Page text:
Two-storey, Victorian Gothic, rubble-built Anglican Church Rectory with ashlar quoins, sills and lintels, varied fenestration and decorated gables and dormers (c. 1875). Faint traces of lime-based render, incised with pale lines to imitate lime-mortar pointing, remain at eaves, indicating original finish of simulated ashlar masonry (see also the Church).
South Elevation – Entrance is recessed between projecting, gabled wings, under small, lean-to roof. Pointed-arch contains slab door with applied vertical battens, between tall 1/1 side-lights with patterned glass (behind two-pane storms). Porch has four slender, turned posts rising to wide brackets at eaves, with fine vertical spindles in frames spanning between. At RH side, ground-floor bay window has piers of incised, cementitious render, rising from low stone sills to wooden fascia, with pair of small wooden brackets at corners of bay, with small, wooden panels between. Bay window fenestration at three sides consists of large, sash-and-case units with single-pane, bottom sashes, and upper sashes with small, square, coloured panes around large central pane (behind three-pane storms). Shallow transom windows also have coloured, square, peripheral panes and long, central pane (behind wooden storms). Windows at LH wing, ground floor are similar, including transom, with rendered lintel, broached ashlar quoins and droved ashlar sill. Second-floor fenestration is pointed-arch throughout. At gables, each arch contains two, three-pane lancets with additional, upper pane over bifurcated wooden mullion (behind similar wooden storms). Jambs and sill are ashlar masonry as described, and voussoirs are cement-rendered. Window at gabled, central dormer consists of six-pane inner and six-pane storm sashes. Gables have bargeboards comprised of varied, ornamented trusses. LH gable has King-post truss with large trefoils at either side, whereas dormer and RH gable have scissor-trusses with trefoils either side and quatrefoil above. Main trusses also have cusped braces and fine central finials below. Soffits are finished with beaded boards, fascias have simple shingle-moulding, and roofs are all clad in wooden shingles, with face-nailed metal at valleys and ridge-rolls. Two large, rendered, brick chimneys, set well back on ridges, have (concealed) upper and lower corbelled bands.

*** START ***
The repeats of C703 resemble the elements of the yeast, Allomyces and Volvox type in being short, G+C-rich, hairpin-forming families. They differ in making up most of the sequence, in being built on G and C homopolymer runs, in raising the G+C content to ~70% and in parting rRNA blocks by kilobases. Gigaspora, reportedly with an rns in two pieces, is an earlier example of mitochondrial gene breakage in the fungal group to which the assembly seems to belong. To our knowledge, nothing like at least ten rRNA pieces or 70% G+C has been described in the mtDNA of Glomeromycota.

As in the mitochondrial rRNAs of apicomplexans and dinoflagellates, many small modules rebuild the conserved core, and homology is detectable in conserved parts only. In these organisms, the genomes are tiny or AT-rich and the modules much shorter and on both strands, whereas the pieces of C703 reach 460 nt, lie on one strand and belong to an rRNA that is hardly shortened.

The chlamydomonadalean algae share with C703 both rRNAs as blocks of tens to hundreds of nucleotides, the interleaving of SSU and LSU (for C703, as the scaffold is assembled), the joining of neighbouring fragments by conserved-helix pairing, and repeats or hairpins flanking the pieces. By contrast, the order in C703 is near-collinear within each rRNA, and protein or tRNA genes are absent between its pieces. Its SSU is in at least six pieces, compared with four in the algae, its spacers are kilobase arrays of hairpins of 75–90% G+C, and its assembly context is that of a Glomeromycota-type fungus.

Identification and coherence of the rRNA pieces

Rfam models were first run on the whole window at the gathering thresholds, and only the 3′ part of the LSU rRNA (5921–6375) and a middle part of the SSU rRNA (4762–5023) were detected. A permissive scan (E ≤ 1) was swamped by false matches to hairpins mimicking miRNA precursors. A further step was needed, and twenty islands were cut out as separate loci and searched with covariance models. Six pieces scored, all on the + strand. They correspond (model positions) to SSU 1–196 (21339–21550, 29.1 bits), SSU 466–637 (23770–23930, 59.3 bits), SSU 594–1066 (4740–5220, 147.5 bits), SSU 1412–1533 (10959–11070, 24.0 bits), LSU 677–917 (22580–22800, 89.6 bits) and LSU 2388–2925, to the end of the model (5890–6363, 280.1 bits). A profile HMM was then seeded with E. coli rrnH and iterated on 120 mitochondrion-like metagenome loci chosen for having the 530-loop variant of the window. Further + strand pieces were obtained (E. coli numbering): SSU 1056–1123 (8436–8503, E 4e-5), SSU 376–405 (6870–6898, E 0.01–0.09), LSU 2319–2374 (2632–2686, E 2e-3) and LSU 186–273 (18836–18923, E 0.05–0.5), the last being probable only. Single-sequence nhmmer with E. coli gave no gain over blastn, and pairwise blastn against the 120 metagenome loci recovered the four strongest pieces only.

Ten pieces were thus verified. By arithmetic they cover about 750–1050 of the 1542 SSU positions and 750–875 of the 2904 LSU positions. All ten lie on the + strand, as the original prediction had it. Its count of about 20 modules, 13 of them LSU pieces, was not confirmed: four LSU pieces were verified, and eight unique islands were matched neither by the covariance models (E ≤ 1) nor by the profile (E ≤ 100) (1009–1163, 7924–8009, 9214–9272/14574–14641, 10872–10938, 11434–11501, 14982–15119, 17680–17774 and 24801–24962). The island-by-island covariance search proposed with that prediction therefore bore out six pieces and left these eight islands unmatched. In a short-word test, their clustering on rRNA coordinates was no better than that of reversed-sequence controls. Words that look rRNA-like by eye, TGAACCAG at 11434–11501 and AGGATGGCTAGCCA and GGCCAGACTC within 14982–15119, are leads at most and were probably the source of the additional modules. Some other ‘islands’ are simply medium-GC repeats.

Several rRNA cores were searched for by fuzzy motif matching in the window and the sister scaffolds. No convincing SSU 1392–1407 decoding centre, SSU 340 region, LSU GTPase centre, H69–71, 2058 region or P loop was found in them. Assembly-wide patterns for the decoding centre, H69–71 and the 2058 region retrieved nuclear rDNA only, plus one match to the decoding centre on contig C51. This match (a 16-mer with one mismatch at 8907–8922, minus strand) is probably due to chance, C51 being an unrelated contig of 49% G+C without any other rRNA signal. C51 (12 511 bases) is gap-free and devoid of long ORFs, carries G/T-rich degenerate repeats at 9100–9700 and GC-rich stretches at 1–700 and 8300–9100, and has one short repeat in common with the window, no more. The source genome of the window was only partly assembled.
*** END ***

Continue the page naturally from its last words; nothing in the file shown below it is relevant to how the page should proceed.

East Elevation – Elevation to Elgin Street consists of tall, broached-ashlar quoins at either side, framing wall of random rubble, with remnants of incised render remaining at upper levels. Elevation is symmetrical, with blind recess at left and doorway at right, both with large quoins and rendered lintels. Incised render remains also at niche, with joints aligned with adjacent quoins. Doorway has replacement slab-type door under coloured-glass transom window as at front. Small peaked canopy above is built of simple wooden struts at either side. Roof consists of large pitch only. Flat-roofed, one-storey addition is set back to north.
West Elevation – Elevation to Sainte Marie Street has typical central Gothic gable at upper level, with flat bargeboards having undulations and half-circles at lower edge. Masonry treatments throughout are as described previously. Ground-floor windows are as elsewhere, with single-pane bottom sashes, multiple pane top sashes, and decorative transom windows above (with typical wooden storms also). A tall, narrow, 1/1 window is centred within wall at ground-floor level, below six-pane inner sash (and similar storm) within pointed arch at second-floor gable. Roof pitches above are wood-shingled, as elsewhere.
North Elevation – Rear elevation is continuation of south gables, with masonry as elsewhere, 2/2 ground floor windows, and six-pane windows (and storms) within pointed arches at upper floor gables. Decorative trusses at peak are same as at south elevation. One storey, rendered, flat-roofed addition across north elevation is not intrusive, leaving more interesting, original aspects of rear of house exposed to view.